(Aspen, Colorado) Here at ecoEnquirer, we take our readers' opinions very seriously.
That is why we commissioned the famed pollster, John Bogzy, to devise eight separate
pseudo-scientific polls where you, our loyal fans, can express your opinions on a
variety of environmental subjects.
We sat down with Mr. Bogzy recently and asked him to explain to all of you what the pool
results (at least as they stand on the eve of April 1, 2006) meant to him.
ecoEnquirer: Thanks for talking with us today, sir. I trust you safely made it
through the throng of demonstrators in front of ecoEnquirer's offices? Good. First of all,
tell us about the poll question that has been the most popular with ecoEnquirer readers.
Mr. Bogzy: Our most popular poll question has been, "How worried
are you about global warming?" So far, only 6% of the respondents are "very worried",
and only 7% are so worried that they believe "we're all gonna die!" as a result of global
warming. In stark contrast, fully 51% say they are "not at all" worried. This suggests
one of two things to me: either the public is relatively immune to media fear mongering
over global warming threats, or a lot of people still have their heads in the sand.
Finally, fully 29% of those polled said "we're all gonna die anyway", revealing that
nearly one-third of the population is quite cynical about the whole global warming issue.
ecoEnquirer: Ahh, a very astute and enlightening analysis, Mr. Bogzy. Which poll
was next in line as a favorite?
Mr. Bogzy: "Who is your favorite environmentalist?" was also a popular poll question.
This is consistent with the public's fascination with famous personalities and political
figures. It is very revealing that two of our most famous environmentalists, Al Gore
and RFK, Jr. received only 6% and 3% of the total votes, respectively. Of the remaining
famous environmentalists, rocker-turned-bow-hunter Ted Nugent currently has a comfortable
lead over President Bush, with 50% versus Bush's 41% of the vote. These results do note
bode well for the popularity of Al Gore's global warming movie, "An Inconvenient Truth",
to be released in May.
ecoEnquirer: Um-hmm. Which poll is next, sir?
Mr. Bogzy: The results of the next poll question, "Do animals have rights?" were
very interesting. Only 8% answered with an unequivocal "yes" that animals do have rights, while fully 57% agreed
with the answer "Only the cute ones". I suspect that this is consistent with the
widespread observation that people don't eat their own pets. Finally, 31% said that "no", animals
do not have rights. I think that it would be especially interesting to poll some animals,
to see how they feel about these attitudes...
ecoEnquirer: Cool....that's really interesting. Please (yawn) continue.
Mr. Bogzy: When we asked your web site visitors "What is the biggest threat to humanity?"
we were surprised to see that only 19% viewed that threat to be 'terrorism'. Even more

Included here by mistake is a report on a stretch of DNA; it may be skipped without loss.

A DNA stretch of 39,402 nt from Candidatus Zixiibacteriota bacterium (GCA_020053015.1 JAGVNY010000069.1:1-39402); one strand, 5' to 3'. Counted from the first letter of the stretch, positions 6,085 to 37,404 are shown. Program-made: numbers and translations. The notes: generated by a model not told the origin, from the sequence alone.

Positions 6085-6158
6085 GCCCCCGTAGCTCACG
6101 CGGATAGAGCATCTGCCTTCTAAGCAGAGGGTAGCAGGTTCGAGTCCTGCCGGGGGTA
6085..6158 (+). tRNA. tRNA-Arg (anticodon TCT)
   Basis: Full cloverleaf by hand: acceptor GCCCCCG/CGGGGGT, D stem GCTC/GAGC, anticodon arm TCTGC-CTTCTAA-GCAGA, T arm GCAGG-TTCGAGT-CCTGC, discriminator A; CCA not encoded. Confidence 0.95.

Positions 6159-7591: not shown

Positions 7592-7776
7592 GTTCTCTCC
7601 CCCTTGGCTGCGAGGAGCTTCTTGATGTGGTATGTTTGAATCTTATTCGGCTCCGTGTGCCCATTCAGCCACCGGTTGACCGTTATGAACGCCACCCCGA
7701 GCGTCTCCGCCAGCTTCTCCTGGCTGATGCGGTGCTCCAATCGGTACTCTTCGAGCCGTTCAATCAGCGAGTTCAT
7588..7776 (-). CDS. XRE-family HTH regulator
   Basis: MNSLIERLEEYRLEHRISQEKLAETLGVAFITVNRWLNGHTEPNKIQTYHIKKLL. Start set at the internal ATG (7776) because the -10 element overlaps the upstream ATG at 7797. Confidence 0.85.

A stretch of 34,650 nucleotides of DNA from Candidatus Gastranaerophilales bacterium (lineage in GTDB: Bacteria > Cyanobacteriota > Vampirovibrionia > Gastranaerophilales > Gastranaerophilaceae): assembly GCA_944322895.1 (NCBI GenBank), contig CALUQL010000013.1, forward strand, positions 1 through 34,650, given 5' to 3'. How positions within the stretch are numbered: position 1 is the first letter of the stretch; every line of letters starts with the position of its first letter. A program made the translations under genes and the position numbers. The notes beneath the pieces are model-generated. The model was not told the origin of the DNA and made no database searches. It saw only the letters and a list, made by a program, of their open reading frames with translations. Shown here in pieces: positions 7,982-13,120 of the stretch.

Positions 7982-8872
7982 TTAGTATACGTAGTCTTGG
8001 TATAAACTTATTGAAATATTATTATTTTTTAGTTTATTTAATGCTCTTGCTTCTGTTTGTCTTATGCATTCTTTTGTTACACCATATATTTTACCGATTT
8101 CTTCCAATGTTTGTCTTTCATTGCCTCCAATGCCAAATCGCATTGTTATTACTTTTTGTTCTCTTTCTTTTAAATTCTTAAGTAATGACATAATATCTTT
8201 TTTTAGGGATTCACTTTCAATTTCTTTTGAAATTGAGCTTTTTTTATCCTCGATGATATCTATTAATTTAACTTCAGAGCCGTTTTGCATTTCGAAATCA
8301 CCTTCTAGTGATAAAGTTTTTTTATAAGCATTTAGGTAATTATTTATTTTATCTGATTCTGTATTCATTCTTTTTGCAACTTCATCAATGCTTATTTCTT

astounding was that only 7% said that 'global warming' was the biggest threat.
Widespread distrust of environmentalists was revealed by the fact that almost
one-third (29%) viewed 'radical environmentalism' to be the biggest threat to humanity.
The environmental organization Earth First! should be very happy to see that they are
having their intended influence on the public. But the most popular response by far to our
"biggest threat to humanity" question was 'Idiots that don't think like me'. It looks
that that individualistic spirit is still alive and well in America!
ecoEnquirer: That is fascinating…(sigh)…we have time for one
more poll question. I see you have some results on the question of how
America's future energy needs should be met.
Mr. Bogzy: Yes, the public has some definite opinions on the question "How should
we meet increasing demands for electricity?". Policymakers and the electric
utilities would be well-advised to pay attention to these results.
Consistent with American's uncanny ability to find
cost-effective and efficient solutions to technical problems, the most popular answer
by far (42% of those polled) was to simply add "more wall outlets". I'm not sure
that anyone has seriously looked at this possibility, but it should at least be
explored in view of its popularity with our citizens. The next most popular
answer, at 36%, was to add "more nuclear" to our energy mix, which was much more
popular than "more coal" (11%), more solar (9%), or "more wind" power, which trickled
in at less than 2%. So it seems there is resurgence in the popularity of nuclear
power in this country.
ecoEnquirer: zzzz…hmm?....Oh, thank you for that insightful analysis, sir. I trust
you will return with periodic updates of the results from these polls?
Mr. Bogzy: Yes, you can count on it.
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